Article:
Writing, an Act of Love and Hate
What counts as writing? Is it an act of putting our thoughts on paper? Writing involves a medium. You write on something, like canvas or paper. But what about the writing that is done on the body? Of tattoos, cutting, or surgery? If we think of writing as an attempt to symbolize, one that is not immune to our trauma, then our symptoms also become a kind of writing and our memories, a type of archiving. Analysis too is an act of narrating, we can say, of writing and re-writing, and re-writing….
Perhaps this is why it is difficult to talk, let alone write about writing. There is something about actual writing, putting one’s thoughts on paper that places oneself in a fragile, vulnerable position. An encounter with foreignness. As I let my thoughts out I also depart from a phantasmic hold I had on them.
Writing is also destroying, taking apart fused meanings that could be kept whole only when not uttered. Speaking and writing are acts of language that remind us of our incompleteness and death. We can never write all we mean, and no word can capture its own meaning. When I write love, does the word convey the intensity, the pain, the fragility that I may feel? Words brush against meaning and cannot guarantee recognition or understanding.
To whom am I writing/speaking? The reader embodies a kernel of the self, returns as otherness, foreign and different, to whom I desperately attempt to convey intelligibility or hide in obscurity. Writing is a form of love-making with an unknown object. Unknown, because like the purloined letter, one never knows the addressee, even if one consciously intended the writing for a particular other. In linking thoughts, whom am I uniting as well? Like free association, which is never free of one’s anxieties, helplessness, and other feelings left over from infancy, writing is never free of one’s forbidden loves and hates. Whom do I destroy in my creativity? From whom do I separate in articulating my subjectivity? In daring to speak my mind? To whom am I teaching a lesson — an act where teaching and beating become united in an unacknowledged fantasy? There is a sadomasochistic pleasure in writing, a fantasy of being beaten as one writes.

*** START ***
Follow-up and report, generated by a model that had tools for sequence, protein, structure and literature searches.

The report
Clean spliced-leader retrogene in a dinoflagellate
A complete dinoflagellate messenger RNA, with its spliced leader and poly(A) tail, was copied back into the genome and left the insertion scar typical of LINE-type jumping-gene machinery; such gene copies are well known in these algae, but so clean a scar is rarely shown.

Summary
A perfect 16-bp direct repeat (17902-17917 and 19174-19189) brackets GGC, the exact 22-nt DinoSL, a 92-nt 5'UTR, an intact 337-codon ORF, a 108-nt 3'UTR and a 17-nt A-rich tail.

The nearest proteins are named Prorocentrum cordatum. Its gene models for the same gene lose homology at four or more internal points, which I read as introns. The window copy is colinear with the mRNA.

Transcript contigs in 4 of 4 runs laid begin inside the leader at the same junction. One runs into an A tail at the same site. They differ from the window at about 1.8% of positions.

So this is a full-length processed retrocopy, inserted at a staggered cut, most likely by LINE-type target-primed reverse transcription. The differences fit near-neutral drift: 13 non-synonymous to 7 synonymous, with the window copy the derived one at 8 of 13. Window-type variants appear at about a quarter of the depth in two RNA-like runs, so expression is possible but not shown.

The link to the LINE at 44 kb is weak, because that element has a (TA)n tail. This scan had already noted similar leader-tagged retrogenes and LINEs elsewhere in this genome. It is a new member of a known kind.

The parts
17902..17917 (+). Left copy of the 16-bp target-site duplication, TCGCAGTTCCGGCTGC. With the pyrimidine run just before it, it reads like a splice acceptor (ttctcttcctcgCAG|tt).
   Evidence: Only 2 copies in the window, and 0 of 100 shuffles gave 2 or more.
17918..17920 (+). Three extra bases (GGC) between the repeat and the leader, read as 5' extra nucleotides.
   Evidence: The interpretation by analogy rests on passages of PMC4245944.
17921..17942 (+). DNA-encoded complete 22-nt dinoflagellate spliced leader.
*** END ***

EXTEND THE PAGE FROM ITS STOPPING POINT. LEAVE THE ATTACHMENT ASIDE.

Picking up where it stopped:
As I write, I return to a place of helplessness, unarticulated anxieties, dependency. The blank page that awaits my purging also represents the utter wordlessness of the infantile world — a return to a scene where touch, pain, helplessness, and eroticism are indistinguishable, where pain and pleasure are fused. Writing in its pain and pleasure is both an active struggle to capture ideas and a wish to be “pregnant” with ideas – as such, an act that requires passivity, letting ideas come, even those that are uninvited. But it is also an act of watching, much like the beating fantasy: one is watching one’s ideas form at the same time one is forming them, and in this act of thinking about one’s thinking, one is no longer one, but fractured, split: a subject.
Writing is creating and creation involves loss. In writing, we let our thoughts wander away from us. We cannot control what other thoughts these will encounter on their way, what theory can be made from these links and so, what theories will forever be given up, replaced, and lost – lost in a sense of transformation, a giving up of stability, of knowledge. In writing we can also lose our gender, writing as man or woman, or feeling masculine/feminine in our writing. The erotic insinuation of writing lies in its appeal to an Other, an act of desire, a push to create. Writing may unsettle our very concept of ourselves as known, recognizable, and whole. As one gets closer to the enigmatic object of one’s creative writing, one is able to create meaning but it is always incomplete, fractured, requiring an imaginative refilling of the gap – so that we come to conceive of ourselves as riddles.
Writing, then, is an act of creating that depends on dismantling and on attempting to capture the object that is irretrievable once lost. The place that cannot be filled by knowledge becomes an incubator for conception, which creates demand for an answer — followed by a response, always a traumatic response, an attempt to stop time.
But writing is also an act of hope. Our narrative becomes a novel through the radical hope of imagination, the ability to tolerate waiting for something to emerge that may outstrip the capacity for understanding and touch the unknown.